There are trucks in Alabama with a license that allows them to operate within a 15-mile radius. This is an out-of-date rule based on how far a mule can travel in a single day. Therefore, these trucks’ license plates are now known as mule tags.
Motorcycles used to have small plates back when they first started registering. Officials also requested that bikers have brass watch fobs with their registration information on them.
License Plates in the United States: Background Information
It’s a mistake to believe that the metal plates mounted on motorized vehicles are license plates. You should obtain your driver’s license before operating a motor vehicle. You also need to register your vehicle so that it can be driven on public roads.
In other words, these plates should be referred to as registration plates rather than license plates. Through the plate, the authorities learn about the vehicle registration and the location where the driver registered.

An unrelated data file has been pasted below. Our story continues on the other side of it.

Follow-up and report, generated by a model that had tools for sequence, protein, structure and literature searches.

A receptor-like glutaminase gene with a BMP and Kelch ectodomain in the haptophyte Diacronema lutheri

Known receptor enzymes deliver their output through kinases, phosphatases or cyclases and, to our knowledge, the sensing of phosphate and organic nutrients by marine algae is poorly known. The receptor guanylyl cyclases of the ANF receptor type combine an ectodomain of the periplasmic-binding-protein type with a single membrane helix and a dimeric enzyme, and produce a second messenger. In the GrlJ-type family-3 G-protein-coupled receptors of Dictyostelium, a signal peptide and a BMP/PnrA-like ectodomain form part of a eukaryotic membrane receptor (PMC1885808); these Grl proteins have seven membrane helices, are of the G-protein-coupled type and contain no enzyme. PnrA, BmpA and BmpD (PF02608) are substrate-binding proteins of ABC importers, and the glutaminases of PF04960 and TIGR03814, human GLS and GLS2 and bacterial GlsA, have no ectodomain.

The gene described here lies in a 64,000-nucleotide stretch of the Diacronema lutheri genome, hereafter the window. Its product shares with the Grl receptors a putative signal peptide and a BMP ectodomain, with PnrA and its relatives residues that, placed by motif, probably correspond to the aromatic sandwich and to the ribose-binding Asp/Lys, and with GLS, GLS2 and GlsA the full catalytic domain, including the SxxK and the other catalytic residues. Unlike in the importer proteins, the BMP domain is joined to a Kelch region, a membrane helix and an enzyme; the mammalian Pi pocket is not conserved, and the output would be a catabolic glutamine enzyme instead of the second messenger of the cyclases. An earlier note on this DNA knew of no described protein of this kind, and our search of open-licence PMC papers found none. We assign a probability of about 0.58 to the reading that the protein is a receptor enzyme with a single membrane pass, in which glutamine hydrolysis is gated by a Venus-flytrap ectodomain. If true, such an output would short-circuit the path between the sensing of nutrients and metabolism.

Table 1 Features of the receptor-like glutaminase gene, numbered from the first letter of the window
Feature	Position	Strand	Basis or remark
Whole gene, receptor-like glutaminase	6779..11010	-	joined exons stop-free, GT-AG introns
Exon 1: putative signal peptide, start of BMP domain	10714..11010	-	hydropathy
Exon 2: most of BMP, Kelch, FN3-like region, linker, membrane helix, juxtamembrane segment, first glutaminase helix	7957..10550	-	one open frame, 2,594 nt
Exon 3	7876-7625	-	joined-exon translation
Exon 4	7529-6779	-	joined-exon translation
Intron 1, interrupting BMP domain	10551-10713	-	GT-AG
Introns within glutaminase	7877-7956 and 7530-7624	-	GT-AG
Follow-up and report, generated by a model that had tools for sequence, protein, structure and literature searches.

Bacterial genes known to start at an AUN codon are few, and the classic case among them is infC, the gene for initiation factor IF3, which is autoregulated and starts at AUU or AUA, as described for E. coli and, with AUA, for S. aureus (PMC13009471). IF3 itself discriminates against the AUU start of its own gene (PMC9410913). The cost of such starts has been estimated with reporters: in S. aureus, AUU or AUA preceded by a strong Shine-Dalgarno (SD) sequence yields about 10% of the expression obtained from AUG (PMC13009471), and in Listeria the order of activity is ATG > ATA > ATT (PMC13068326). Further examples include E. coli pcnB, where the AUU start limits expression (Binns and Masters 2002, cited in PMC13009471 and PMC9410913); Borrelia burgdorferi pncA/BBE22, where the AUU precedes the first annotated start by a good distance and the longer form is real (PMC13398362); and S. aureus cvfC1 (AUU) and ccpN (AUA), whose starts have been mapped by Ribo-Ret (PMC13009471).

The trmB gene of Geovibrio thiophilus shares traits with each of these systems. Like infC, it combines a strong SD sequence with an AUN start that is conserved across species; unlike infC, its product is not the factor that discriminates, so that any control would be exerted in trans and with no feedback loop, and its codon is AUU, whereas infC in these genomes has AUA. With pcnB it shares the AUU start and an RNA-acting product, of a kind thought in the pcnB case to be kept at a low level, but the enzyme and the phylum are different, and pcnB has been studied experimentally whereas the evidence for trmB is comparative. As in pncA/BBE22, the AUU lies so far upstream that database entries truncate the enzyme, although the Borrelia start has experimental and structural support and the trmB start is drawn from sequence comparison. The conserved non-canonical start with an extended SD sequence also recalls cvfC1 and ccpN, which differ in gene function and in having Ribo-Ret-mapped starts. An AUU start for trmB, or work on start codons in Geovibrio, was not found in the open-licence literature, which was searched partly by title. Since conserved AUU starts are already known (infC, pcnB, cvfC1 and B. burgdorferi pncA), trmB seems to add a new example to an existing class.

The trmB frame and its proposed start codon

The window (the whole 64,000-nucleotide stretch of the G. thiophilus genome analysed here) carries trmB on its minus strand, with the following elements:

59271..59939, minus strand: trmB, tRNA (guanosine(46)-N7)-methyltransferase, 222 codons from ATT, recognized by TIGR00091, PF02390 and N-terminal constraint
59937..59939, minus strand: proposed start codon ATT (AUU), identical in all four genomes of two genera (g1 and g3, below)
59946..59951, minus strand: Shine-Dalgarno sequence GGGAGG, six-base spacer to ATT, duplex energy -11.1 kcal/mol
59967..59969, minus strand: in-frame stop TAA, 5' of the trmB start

In the United States and Canada, various government bodies regulate and manage the rules that govern motor vehicles. These divisions have their own color schemes, numbering, and plate issue processes.
The types of vehicles can be immediately identified by law enforcers. The alpha and numeric character combinations, the embossed words/captions, and the color combinations of the metal plates are used to register them.
License Plates Can Provide Police Officers with Useful Information
For those who know how to read license plates, there are a few things that stand out. For example, police officers can glance at a vehicle’s license plate and obtain the following information:
- Registration validity
- Vehicle’s weight and use
- Vehicle’s type of class
- Vehicle owner’s information